The independent study module allows students to explore their own interests relevant to gender studies in accordance with the University’s Student as Producer policy. It provides students with an opportunity to undertake and produce an independent piece of in-depth research. Students will develop their research ideas in collaboration with teaching staff and will be supported to design and implement a coherent, robust research project and to write up their findings/analysis in the form of a dissertation. The format of the study will vary from primarily library-based or theoretical research to the production of empirical research through qualitative or quantitative fieldwork. Students will need to: examine an issue related to gender studies; demonstrate the ability to critically review the relevant academic literature; address a clear research question or hypothesis; address ethical issues in conducting social research ; and give a clear explanation and defence of the methods they have chosen as most appropriate to their study.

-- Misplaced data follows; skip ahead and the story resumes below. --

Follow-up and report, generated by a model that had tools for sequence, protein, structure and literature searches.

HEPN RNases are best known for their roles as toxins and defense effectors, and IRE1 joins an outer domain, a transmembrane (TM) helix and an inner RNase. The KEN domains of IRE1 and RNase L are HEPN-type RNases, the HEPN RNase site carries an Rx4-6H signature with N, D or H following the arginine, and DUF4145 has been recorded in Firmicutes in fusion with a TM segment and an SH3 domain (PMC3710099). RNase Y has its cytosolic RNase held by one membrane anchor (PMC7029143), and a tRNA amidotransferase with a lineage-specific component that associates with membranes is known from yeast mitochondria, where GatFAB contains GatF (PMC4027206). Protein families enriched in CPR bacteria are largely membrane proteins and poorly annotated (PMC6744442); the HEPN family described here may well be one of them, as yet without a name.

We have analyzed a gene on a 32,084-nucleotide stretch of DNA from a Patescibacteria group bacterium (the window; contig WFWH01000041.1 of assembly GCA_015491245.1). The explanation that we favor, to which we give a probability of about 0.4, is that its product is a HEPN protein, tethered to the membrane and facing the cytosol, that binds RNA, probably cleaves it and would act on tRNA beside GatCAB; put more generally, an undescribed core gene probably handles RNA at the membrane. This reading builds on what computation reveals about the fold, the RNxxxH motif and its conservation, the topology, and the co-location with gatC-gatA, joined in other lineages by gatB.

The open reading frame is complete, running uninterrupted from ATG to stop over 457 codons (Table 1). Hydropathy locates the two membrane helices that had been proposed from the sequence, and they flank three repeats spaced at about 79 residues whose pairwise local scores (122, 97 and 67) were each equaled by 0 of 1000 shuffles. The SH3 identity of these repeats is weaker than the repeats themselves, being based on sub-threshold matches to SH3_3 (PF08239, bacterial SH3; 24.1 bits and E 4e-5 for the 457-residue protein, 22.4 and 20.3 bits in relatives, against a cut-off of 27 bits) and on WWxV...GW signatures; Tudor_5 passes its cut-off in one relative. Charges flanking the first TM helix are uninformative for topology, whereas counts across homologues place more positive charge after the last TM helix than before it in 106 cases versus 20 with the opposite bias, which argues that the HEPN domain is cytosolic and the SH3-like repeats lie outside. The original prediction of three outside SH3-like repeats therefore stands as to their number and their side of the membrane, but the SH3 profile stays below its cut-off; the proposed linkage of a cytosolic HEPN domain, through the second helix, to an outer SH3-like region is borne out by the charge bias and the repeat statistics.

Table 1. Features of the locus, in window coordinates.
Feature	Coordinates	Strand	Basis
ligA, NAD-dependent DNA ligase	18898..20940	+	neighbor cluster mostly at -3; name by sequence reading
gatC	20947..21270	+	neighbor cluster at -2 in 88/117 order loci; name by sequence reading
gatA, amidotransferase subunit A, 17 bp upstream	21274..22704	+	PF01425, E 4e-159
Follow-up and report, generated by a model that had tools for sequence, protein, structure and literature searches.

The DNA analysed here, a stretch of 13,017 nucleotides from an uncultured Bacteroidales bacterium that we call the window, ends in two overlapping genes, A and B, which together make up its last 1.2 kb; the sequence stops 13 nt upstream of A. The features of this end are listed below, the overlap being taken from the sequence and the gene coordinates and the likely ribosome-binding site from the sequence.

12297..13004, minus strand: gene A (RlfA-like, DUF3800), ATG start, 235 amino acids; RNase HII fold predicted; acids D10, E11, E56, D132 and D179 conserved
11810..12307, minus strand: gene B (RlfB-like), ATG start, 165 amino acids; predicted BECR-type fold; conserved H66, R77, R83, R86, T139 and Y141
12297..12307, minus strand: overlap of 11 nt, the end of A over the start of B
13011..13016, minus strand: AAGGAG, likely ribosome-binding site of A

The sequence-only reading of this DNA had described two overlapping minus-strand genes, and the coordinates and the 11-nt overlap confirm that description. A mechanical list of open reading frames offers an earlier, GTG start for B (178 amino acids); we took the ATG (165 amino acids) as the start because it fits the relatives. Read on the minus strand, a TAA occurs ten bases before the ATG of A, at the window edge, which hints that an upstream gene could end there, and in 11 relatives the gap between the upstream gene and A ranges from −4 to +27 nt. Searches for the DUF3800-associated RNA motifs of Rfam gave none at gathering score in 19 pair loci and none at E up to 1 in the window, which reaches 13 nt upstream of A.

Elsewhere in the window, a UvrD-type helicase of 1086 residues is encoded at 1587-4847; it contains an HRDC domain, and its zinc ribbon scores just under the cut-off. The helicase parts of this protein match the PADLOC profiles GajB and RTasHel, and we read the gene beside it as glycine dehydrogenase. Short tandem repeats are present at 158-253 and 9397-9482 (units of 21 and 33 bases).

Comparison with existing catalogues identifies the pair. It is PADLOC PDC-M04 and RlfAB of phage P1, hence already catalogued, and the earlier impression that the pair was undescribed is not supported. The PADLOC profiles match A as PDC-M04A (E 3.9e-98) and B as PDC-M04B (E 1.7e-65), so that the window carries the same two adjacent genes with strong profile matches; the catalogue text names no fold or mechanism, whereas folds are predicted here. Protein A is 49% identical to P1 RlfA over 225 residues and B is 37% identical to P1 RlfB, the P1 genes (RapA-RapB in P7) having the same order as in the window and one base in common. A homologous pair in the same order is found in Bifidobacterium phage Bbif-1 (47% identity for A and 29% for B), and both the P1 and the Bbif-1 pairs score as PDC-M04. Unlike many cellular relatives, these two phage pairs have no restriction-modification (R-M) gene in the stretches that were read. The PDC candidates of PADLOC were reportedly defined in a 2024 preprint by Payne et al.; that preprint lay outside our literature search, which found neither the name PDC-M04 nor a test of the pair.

Module Overview

This module explores masculinities and the operation of power through masculinities in society. It aims to engage with key theoretical perspectives on gender and masculinity, taking an in-depth look at these concepts, along with related ideas such as ‘hegemonic masculinity,’ ‘heteronormativity’ and ‘intersectionality.’ Important contemporary debates in masculinities scholarship will be addressed, such as around hegemonic masculinity, whether this is a useful concept and how far it can explain (global) gendered power relations. Masculinities and masculinity will also be explored in different empirical settings.